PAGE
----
ROCHESTER, N.Y. –Fri Mar 2, 2012: Eastman Kodak Co. has agreed to sell its online photo services business to Shutterfly Inc. for $23.8 million, kicking off the bankrupt photography pioneer’s relaunch as a much slimmer company although a patent sale seen crucial to its turnaround may still be months away.
The once-iconic company that invented the hand-held camera has said it will quit the camera business and is expected to fetch $1 billion to $2 billion from the sale of about 1,100 digital patents, which is due to get under way by June 30.
A source familiar with the patent sale said the process was moving forward, but added that the completion was not expected anytime soon.
Complicating the prospects is a dispute with computer giant Apple Inc. over one of the patents.
At a hearing next week on March 8, a bankruptcy judge will hear Apple’s motion to move forward with its patent-infringement suit. Apple has asked the bankruptcy court to lift the automatic stay applied to pending litigation against Kodak when the company filed for Chapter 11 on Jan. 19.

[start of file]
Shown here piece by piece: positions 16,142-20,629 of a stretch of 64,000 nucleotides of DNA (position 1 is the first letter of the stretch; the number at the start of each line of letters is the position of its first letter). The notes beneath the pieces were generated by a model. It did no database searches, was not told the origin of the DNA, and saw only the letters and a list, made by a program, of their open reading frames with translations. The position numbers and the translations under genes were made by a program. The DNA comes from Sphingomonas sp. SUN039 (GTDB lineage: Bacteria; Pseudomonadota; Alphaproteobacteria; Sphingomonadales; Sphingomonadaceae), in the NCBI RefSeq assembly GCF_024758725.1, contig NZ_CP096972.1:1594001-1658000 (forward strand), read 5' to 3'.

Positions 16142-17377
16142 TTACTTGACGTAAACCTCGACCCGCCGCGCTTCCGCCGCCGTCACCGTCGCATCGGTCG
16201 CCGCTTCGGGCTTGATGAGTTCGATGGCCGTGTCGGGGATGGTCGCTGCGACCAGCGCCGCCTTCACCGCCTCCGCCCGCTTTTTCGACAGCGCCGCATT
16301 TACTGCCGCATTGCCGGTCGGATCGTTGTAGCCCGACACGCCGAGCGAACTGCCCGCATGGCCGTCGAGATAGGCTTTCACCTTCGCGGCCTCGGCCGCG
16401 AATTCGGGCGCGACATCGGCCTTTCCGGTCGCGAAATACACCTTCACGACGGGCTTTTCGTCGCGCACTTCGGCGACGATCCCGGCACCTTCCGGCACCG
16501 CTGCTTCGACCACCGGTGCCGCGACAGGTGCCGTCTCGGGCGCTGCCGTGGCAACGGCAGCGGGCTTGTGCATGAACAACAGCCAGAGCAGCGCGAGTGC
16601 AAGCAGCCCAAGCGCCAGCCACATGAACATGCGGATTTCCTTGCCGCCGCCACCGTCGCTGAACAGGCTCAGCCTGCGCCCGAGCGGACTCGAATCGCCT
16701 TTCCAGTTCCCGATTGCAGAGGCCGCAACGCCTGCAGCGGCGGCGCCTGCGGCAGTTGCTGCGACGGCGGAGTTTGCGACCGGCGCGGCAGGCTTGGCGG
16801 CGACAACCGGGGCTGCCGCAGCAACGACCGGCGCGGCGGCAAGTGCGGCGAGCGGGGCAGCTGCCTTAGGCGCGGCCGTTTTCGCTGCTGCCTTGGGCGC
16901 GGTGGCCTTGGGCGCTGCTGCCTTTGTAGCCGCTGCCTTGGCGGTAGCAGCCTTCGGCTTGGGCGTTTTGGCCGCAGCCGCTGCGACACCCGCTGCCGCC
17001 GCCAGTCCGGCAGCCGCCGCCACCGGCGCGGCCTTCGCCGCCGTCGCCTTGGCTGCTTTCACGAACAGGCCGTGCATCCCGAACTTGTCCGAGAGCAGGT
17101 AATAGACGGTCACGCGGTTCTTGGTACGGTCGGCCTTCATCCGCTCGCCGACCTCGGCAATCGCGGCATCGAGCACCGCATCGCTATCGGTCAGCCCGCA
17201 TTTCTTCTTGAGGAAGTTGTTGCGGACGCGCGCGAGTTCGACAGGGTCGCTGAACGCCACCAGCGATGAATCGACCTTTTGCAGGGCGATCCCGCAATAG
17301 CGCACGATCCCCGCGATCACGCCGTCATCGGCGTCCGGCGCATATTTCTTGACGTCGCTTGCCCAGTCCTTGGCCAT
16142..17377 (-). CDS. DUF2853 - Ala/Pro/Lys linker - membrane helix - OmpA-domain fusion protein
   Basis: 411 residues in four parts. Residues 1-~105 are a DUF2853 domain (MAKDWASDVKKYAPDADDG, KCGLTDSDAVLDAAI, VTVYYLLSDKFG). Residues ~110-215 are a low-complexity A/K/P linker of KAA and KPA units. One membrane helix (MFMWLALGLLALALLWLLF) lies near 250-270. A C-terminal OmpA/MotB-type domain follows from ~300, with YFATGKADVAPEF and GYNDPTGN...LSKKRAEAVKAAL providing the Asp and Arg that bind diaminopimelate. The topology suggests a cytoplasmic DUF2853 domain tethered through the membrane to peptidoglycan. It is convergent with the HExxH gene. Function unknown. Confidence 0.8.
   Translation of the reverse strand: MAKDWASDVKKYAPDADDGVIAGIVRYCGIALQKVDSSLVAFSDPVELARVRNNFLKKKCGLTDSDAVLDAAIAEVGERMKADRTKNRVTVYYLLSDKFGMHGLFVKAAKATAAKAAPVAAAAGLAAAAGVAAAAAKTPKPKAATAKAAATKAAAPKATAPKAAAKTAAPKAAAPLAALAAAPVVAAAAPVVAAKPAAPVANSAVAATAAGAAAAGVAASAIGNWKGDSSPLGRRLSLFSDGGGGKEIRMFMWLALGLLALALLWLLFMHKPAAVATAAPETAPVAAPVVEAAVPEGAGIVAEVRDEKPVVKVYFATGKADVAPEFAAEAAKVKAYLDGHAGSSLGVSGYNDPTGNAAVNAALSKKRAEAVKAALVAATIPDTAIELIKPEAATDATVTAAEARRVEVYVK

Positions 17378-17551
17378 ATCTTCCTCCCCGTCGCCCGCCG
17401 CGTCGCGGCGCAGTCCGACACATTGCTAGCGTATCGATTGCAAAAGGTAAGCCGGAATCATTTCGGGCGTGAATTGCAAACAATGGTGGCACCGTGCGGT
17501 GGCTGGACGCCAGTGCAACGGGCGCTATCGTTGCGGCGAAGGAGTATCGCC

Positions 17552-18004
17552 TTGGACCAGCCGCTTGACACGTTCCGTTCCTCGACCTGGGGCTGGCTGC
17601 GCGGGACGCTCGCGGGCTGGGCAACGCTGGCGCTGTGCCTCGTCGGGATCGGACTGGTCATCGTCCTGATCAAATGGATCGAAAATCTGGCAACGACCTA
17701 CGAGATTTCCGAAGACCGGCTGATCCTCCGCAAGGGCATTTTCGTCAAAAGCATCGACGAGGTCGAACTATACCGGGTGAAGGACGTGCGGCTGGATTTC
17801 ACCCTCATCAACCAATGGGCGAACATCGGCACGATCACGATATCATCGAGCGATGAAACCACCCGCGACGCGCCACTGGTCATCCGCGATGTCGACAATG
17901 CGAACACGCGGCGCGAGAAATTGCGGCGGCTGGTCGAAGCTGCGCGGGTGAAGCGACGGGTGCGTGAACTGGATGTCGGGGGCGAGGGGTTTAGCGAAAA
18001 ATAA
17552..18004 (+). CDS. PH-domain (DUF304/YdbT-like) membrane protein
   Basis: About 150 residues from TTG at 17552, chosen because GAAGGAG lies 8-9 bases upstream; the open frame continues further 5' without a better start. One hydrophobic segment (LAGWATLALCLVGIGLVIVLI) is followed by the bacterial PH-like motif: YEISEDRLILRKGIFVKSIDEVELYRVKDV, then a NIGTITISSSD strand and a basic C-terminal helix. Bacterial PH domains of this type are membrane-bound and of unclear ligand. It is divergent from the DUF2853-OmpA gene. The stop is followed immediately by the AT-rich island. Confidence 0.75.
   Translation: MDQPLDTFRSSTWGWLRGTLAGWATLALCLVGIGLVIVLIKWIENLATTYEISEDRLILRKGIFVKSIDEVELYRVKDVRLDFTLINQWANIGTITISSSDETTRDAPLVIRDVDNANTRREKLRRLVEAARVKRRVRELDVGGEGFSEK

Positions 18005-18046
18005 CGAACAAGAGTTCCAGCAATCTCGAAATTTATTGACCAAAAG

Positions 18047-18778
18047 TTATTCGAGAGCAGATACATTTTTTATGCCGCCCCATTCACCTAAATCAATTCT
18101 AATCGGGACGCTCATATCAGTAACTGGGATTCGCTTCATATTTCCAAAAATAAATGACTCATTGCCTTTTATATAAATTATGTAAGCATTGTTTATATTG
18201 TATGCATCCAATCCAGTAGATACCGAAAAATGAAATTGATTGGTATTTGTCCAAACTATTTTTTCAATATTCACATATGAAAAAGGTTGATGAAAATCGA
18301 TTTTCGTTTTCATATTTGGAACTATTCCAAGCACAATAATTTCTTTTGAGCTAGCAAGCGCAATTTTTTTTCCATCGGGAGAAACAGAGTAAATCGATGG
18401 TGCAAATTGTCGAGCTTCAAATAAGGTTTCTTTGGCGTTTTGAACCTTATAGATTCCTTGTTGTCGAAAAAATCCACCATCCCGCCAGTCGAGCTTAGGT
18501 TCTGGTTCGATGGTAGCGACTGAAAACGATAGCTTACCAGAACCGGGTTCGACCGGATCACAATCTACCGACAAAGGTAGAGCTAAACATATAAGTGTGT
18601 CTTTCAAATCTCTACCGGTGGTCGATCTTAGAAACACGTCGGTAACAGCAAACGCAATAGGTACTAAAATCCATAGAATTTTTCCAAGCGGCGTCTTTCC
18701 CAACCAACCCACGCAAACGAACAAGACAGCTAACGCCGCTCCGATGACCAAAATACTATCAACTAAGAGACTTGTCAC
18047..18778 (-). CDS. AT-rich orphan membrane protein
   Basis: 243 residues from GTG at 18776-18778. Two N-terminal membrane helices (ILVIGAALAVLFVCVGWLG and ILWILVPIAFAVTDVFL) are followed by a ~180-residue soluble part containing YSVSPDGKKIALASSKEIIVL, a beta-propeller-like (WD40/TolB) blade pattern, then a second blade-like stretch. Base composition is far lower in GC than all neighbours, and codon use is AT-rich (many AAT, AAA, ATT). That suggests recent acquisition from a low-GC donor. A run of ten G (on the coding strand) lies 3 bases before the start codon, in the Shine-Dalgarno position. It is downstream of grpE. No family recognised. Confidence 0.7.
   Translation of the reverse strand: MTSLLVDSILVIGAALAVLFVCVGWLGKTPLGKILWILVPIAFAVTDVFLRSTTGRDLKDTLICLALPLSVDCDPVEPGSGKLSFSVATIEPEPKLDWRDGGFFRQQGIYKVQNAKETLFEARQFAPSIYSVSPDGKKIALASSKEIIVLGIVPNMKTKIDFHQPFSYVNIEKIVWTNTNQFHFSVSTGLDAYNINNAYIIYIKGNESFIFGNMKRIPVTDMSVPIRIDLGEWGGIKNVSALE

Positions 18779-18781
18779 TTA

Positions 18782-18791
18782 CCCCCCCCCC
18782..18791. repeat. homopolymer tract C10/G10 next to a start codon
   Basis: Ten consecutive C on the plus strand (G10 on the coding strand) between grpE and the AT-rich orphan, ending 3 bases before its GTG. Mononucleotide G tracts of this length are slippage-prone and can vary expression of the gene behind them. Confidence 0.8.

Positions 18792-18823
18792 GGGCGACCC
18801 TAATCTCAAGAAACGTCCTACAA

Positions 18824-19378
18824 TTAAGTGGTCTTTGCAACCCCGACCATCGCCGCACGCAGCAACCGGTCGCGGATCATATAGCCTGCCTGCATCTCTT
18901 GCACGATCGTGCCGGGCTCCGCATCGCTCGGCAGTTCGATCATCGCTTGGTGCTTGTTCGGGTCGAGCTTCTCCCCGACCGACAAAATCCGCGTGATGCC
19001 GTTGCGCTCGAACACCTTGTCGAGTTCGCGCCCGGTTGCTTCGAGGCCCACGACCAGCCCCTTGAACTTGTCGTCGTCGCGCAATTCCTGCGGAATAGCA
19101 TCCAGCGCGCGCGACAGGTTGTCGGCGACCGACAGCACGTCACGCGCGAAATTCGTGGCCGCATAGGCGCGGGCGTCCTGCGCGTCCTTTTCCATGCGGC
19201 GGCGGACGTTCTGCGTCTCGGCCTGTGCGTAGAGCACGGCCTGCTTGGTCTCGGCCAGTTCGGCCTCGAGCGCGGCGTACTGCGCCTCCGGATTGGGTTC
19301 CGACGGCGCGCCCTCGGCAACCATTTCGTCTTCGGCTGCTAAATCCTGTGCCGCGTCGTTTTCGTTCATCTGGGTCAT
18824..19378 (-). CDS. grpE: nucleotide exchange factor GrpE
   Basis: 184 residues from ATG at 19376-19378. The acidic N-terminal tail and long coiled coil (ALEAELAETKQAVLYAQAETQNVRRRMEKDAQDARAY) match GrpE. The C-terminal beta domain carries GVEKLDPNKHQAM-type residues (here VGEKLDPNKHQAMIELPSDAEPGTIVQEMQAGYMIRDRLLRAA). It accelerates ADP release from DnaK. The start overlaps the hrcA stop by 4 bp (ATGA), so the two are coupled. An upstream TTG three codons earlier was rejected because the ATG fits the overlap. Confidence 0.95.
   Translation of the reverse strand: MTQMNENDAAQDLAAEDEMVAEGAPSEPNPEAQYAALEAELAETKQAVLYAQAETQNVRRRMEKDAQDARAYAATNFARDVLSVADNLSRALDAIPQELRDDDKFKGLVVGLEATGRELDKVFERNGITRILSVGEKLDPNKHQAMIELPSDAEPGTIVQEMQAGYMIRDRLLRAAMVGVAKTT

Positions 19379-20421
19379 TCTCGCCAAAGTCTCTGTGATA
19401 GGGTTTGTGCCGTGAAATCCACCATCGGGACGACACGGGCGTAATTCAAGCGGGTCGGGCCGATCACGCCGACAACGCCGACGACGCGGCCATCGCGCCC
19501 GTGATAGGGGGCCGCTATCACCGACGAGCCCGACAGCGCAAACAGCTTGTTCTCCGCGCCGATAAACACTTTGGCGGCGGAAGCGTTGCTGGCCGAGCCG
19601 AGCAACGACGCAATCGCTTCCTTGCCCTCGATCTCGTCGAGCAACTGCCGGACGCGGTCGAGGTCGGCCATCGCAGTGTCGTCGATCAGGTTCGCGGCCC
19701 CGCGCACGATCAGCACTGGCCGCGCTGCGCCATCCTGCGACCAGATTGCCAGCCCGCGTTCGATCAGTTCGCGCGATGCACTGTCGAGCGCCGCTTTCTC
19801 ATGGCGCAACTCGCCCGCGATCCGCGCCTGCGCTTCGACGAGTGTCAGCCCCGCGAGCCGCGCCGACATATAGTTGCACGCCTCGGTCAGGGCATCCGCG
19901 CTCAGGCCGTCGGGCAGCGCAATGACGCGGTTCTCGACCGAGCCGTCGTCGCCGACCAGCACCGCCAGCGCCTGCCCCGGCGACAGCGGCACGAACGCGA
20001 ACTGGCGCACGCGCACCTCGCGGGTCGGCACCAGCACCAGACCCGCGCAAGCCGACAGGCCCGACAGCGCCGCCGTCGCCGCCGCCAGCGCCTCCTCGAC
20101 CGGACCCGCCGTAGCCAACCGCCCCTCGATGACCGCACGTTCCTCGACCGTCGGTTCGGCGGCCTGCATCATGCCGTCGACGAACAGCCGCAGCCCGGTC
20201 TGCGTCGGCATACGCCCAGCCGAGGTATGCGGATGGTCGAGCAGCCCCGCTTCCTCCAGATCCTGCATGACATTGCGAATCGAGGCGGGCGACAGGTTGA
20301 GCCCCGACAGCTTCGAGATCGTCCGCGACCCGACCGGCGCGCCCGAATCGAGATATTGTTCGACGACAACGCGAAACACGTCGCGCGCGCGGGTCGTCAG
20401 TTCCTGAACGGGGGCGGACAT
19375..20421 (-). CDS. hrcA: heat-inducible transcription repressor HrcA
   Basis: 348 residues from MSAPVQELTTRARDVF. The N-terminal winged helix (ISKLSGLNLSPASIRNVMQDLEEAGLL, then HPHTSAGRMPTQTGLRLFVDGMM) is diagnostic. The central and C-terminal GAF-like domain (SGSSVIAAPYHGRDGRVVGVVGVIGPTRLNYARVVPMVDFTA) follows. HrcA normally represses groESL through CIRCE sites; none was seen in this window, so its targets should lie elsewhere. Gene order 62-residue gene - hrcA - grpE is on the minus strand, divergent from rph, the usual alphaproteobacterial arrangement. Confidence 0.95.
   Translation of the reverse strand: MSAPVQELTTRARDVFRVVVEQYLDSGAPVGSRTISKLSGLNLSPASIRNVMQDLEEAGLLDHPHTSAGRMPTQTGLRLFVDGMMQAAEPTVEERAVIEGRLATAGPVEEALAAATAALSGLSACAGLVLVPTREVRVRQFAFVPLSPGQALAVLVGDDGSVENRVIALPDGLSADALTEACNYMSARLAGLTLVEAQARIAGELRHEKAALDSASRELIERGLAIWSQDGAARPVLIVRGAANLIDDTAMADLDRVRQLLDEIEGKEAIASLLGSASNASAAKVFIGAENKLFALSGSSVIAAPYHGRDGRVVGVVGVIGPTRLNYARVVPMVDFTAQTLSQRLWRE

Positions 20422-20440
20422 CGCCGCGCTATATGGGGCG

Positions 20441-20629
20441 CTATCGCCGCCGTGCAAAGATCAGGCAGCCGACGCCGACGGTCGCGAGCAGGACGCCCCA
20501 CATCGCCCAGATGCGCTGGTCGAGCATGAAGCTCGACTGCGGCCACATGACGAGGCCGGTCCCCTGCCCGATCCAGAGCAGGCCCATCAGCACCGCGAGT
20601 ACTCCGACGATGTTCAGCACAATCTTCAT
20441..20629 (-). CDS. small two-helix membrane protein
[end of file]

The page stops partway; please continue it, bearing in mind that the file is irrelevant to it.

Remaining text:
Kodak said the deal with Shutterfly followed a “stalking horse” bid – a starting bid or minimally accepted offer that other bidders must surpass in a court-supervised auction – from the web-based personal publishing service.
Shutterfly shares rose 18 percent to $31.70 in extended trade, following the news. The stock had closed at $26.91 on Thursday on the Nasdaq.
Shutterfly said it will transfer Kodak Gallery customer accounts and images in the United States and Canada to Shutterfly, and will allow customers to opt out of the transition if they do not want their photos to be transferred.
Kodak Gallery – which enables users to store and share their own images and create custom printed photobooks, cards and albums – has more than 75 million users.